Working with kids has its challenges as well. They grow so quickly and unpredictably that measurements have to be taken not too long before costume construction begins, which can become a time management issue if there are a lot of costumes needing to be built, and one must keep in mind that alterations for kids are inevitable. Kids also have parents, many of whom are helpful and pleasant to deal with, but parents can be very protective of their children, and at times this can make the parents difficult to deal with.
As a Costume Designer, I have had good and bad experiences. Each production comes with a new challenge, but each new challenge gives me the chance to become better at what I do and to become more creative in finding solutions that help make the production a success.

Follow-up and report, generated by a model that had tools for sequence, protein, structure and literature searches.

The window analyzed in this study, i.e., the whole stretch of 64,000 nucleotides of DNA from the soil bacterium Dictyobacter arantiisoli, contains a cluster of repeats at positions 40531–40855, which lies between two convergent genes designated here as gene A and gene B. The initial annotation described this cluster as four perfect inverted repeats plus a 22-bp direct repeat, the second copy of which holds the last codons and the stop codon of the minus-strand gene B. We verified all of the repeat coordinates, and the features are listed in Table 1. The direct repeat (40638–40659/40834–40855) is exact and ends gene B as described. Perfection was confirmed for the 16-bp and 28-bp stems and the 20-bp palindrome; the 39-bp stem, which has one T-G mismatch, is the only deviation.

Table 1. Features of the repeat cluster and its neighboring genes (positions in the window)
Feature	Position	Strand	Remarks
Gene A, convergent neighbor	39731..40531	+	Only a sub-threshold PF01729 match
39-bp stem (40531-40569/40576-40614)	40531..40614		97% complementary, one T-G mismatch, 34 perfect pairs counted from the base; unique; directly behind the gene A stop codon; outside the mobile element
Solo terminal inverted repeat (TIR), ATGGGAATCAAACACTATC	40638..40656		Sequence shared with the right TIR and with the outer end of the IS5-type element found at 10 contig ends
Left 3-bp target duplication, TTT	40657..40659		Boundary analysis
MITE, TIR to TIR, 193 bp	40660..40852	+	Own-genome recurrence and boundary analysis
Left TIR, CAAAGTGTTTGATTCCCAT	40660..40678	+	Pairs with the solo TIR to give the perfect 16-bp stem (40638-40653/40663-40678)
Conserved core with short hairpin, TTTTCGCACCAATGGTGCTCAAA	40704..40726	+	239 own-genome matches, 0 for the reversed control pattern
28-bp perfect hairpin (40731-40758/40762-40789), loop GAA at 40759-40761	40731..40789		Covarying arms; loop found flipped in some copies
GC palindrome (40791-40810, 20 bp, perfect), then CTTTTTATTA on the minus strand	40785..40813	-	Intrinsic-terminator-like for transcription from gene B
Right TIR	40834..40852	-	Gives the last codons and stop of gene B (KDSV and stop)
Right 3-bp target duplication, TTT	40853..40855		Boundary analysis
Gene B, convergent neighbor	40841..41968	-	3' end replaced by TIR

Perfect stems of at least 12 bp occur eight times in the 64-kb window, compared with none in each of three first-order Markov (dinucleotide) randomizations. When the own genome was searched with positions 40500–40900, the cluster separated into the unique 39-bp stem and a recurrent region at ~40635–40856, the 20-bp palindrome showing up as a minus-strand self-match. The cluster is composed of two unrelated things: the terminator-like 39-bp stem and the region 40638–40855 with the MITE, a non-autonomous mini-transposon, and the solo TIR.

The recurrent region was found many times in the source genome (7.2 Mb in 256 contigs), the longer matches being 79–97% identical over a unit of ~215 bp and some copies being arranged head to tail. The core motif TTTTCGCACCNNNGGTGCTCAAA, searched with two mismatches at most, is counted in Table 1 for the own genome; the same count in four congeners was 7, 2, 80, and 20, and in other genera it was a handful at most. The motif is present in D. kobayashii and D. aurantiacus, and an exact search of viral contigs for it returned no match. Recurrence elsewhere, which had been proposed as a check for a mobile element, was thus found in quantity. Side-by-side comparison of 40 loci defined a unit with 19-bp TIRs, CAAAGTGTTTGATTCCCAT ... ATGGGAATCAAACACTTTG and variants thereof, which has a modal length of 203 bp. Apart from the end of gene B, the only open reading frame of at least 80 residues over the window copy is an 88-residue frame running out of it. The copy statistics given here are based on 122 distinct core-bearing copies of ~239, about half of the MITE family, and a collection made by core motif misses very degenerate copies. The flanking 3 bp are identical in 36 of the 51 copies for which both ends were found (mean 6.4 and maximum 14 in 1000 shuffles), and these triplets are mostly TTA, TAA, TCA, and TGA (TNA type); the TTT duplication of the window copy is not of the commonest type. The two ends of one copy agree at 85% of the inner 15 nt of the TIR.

What’s coming up next for you? Do you have a project on the go, or one coming up in the near future?
I’ve just finished costuming Steel Magnolias for the London Community Players, which will be onstage at The Palace Theatre, October 8 – 18, 2015. Tickets are available by calling 519.432.1029 or online at www.palacetheatre.ca.
I will also be assisting with some sewing projects for LCP’s upcoming production of The Trials of Robin Hood, which goes onstage at The Palace Theatre, December 3-20, 2015.
Steel Magnolias will be my last costume design project for a while, as my husband and I are expecting a baby in February, and I will be taking some time off from theatre to focus on my family.
The Costume Shoppe will remain open until January 31, 2016 (unless this baby arrives early), and my plan is to close the shop for just a few months. The Costume Shoppe will re-open on September 1, 2016 in time for Halloween!
What are your goals for the future?